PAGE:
Nebraska Legislative Proposal Could Allow Legal Action Against Abusive Priests, Churches

Nov. 30, 2021, 6:30 a.m. ·

People Walk Into a Catholic Church
Parishioners enter St. Vincent de Paul Catholic Church in Omaha. (Photo by Fred Knapp, Nebraska Public Media News)

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His bill has yet to be written, but State Sen. Rich Pahls knows why he wants to change the statutes of limitation for sexual assault of child. He said he just needed to read the full report from Nebraska's Attorney General.

“I mean, you just cringe," Pahls said. "The number of people who they knew that we're doing wrong, and they allowed it; they allowed it.”

When Attorney General Doug Peterson released a report on 258 cases of sexual abuse in Nebraska Catholic Churches earlier this month, Peterson said the state would not bring any criminal charges. He too was doubtful that any civil lawsuits would come of the report. The reason lies in statutes of limitation. In order to bring charges, those statutes would need to change, and Pahls wants to do just that.

Rich Pahls headshot
State Sen. Rich Pahls of Omaha. (Photo courtesy Nebraska Unicameral Information Office)

Statutes of limitation are laws that determine how long after an offense legal action may be taken. An overhaul of the statutes won’t be easy, but Pahls, who's a retired school administrator and former Omaha city councilman, said it’s important.

“We must discuss this on the floor to make sure everybody understands because we have to look towards the future," he said. "Even though the Church has made changes, history has a tendency of repeating itself.”

If Pahls and supporters are successful, the state could prosecute some of the priests whose alleged crimes occurred decades ago, and it would allow some of the victims to sue the church or other third parties. In other states, Catholic dioceses have declared bankruptcy after numerous civil lawsuits.

The details could change by the time the bill is introduced early next year, but, as of now, Pahls wants to make two specific changes:

  • First, he would like to drop all limitations for child sexual assault on civil suits. Currently, victims have until they are 33 years old to file a case against a church or other third parties. Pahls said that would also include a school district like the ones he used to work for.
  • Second, Pahls would like to introduce a 2-year "look-back window" where the state could open a criminal case against an abuser, whenever the abuse took place. Currently, only cases after 1997 are fair game, according to the Attorney General's report.

“First and foremost, the Church wants to recognize its past failures – its past sins," said Tom Venzor, the executive director of the Nebraska Catholic Conference. "And most especially (the Church) wants to deeply apologize to any victims who have suffered at the hands of church officials.”

Without the specific language of a bill in front of him, Venzor didn’t want to comment on specifics, but he says the Church can contribute to the conversation.

"I think we can bring insights and experience to the table in terms of how do you approach these issues so that you're also respectful of victims, and you don't incidentally, or accidentally, retraumatize those who have actually experienced sexual abuse, trauma and that kind of thing," Venzor said.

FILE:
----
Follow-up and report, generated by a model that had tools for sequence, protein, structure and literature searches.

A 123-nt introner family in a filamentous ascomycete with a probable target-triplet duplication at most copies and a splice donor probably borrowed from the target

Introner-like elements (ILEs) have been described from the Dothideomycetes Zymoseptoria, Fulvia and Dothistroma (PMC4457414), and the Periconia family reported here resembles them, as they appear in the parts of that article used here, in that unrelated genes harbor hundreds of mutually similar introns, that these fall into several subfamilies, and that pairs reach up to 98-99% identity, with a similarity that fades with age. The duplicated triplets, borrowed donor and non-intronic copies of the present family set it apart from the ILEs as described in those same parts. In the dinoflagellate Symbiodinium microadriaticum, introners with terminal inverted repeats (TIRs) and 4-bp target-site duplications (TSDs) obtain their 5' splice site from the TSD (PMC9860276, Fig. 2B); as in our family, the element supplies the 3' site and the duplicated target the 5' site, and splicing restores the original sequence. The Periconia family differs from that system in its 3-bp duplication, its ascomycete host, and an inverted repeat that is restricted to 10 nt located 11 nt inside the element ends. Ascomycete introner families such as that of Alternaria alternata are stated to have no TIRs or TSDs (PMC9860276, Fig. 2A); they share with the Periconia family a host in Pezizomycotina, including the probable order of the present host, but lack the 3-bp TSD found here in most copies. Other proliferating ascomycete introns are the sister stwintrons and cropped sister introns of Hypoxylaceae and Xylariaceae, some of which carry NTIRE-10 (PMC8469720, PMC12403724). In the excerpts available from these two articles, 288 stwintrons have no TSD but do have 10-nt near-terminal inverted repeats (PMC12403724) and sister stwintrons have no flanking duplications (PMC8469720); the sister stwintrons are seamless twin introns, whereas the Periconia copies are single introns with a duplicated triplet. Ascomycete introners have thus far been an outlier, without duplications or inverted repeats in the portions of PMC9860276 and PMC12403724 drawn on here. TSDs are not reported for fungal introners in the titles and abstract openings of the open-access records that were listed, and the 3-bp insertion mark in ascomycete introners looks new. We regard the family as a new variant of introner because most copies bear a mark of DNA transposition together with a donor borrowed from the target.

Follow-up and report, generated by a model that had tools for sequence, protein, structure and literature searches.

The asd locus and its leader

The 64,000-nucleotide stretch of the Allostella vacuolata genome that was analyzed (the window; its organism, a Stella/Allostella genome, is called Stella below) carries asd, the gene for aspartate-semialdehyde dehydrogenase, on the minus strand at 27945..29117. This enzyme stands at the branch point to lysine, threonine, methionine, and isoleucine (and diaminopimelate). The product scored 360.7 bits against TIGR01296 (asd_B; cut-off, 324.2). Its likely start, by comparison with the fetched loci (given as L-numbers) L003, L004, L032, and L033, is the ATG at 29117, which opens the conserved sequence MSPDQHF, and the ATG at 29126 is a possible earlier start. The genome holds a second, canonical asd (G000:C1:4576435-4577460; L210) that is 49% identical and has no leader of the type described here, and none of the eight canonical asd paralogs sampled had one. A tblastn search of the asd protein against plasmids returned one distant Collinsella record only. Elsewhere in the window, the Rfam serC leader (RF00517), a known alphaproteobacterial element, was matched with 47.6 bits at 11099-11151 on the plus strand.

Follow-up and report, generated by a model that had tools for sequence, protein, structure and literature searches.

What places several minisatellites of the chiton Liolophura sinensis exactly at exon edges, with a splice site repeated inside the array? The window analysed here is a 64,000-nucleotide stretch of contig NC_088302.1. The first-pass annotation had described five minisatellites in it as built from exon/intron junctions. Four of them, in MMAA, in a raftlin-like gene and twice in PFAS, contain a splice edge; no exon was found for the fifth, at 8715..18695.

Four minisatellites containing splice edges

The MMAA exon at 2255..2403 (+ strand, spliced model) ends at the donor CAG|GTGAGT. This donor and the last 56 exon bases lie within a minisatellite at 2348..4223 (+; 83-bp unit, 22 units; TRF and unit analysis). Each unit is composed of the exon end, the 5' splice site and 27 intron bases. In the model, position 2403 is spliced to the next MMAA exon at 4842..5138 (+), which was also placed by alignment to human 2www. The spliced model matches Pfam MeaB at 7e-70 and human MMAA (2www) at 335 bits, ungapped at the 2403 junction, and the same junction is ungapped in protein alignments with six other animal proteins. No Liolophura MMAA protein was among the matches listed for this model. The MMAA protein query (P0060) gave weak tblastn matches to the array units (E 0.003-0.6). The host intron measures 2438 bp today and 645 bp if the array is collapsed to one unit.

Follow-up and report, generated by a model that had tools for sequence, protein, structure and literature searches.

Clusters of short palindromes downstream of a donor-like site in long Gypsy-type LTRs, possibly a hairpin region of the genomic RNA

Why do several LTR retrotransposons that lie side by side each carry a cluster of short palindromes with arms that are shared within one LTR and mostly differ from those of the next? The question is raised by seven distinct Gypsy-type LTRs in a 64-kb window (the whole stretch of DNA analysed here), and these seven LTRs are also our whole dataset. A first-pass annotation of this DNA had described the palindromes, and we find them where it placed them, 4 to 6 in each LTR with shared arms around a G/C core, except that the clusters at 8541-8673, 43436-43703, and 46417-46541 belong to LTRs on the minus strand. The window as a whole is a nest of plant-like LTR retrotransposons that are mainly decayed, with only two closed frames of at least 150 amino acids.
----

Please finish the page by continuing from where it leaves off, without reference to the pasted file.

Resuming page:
Plenty of other states including California, Minnesota, Delaware and Hawaii have changed their civil statutes to allow more time for civil suits. In Minnesota, for example, the Minneapolis archdiocese declared bankruptcy after the laws changed and lawsuits were settled.

Other states like Vermont have removed civil limitations completely – just like Pahls wants to do. For organizations like the Survivors Network of those Abused by Priests, or SNAP, the Vermont law is the gold standard.

“The sad reality is that by the time that most survivors do come forward, which in the U.S. is 52-years old, the courtroom doors are closed to them – both criminally and civilly," said Zach Hiner, the executive director of SNAP. The average age of 52 when people come forward is the main reason why Hiner thinks the civil limitations should be nixed in Nebraska.

On the criminal side of Pahls’ proposal, the outlook is murky. A 2003 U.S. Supreme Court decision, Stogner v. California, declared a similar California proposal unconstitutional. Pahls said he’s aware of constitutional concerns and is willing to challenge the precedent because the makeup of the court has changed since then. He’s said he's reached out to the Attorney General’s office to see if they’ll be interested in supporting it, too.

Jack Hosking stands in his dinning room
Jack Hosking of Omaha stands in his dinning room. (Photo by Will Bauer, Nebraska Public Media News)

One person with a strong interest in changes is Jack Hosking of Omaha.

“Many statute of limitations bills, even the so-called improved ones, still tended to protect the perpetrator," said Hosking. "But not the institution that the perpetrator, the pedophile, represented.”

Hosking’s son was abused by a priest in the late '70s, and that led him to where he is today: working to change them. For him, the changes to civil statutes are about holding the institutions accountable.

“A lot of justice for victims, but also the biggest benefit for society is that it avoids the hiding," Hosking said. "Transparency becomes more important.”

Pahls is expecting some pushback on his proposals. As a Catholic himself, he said it’s a tough but necessary approach that’s not about harming the Church.

“Perhaps they will be embarrassed," he said. "But, you know, we're here to make the world a little better, I think.”

The Judiciary Committee will hear the proposal when the Nebraska Legislature convenes in early January.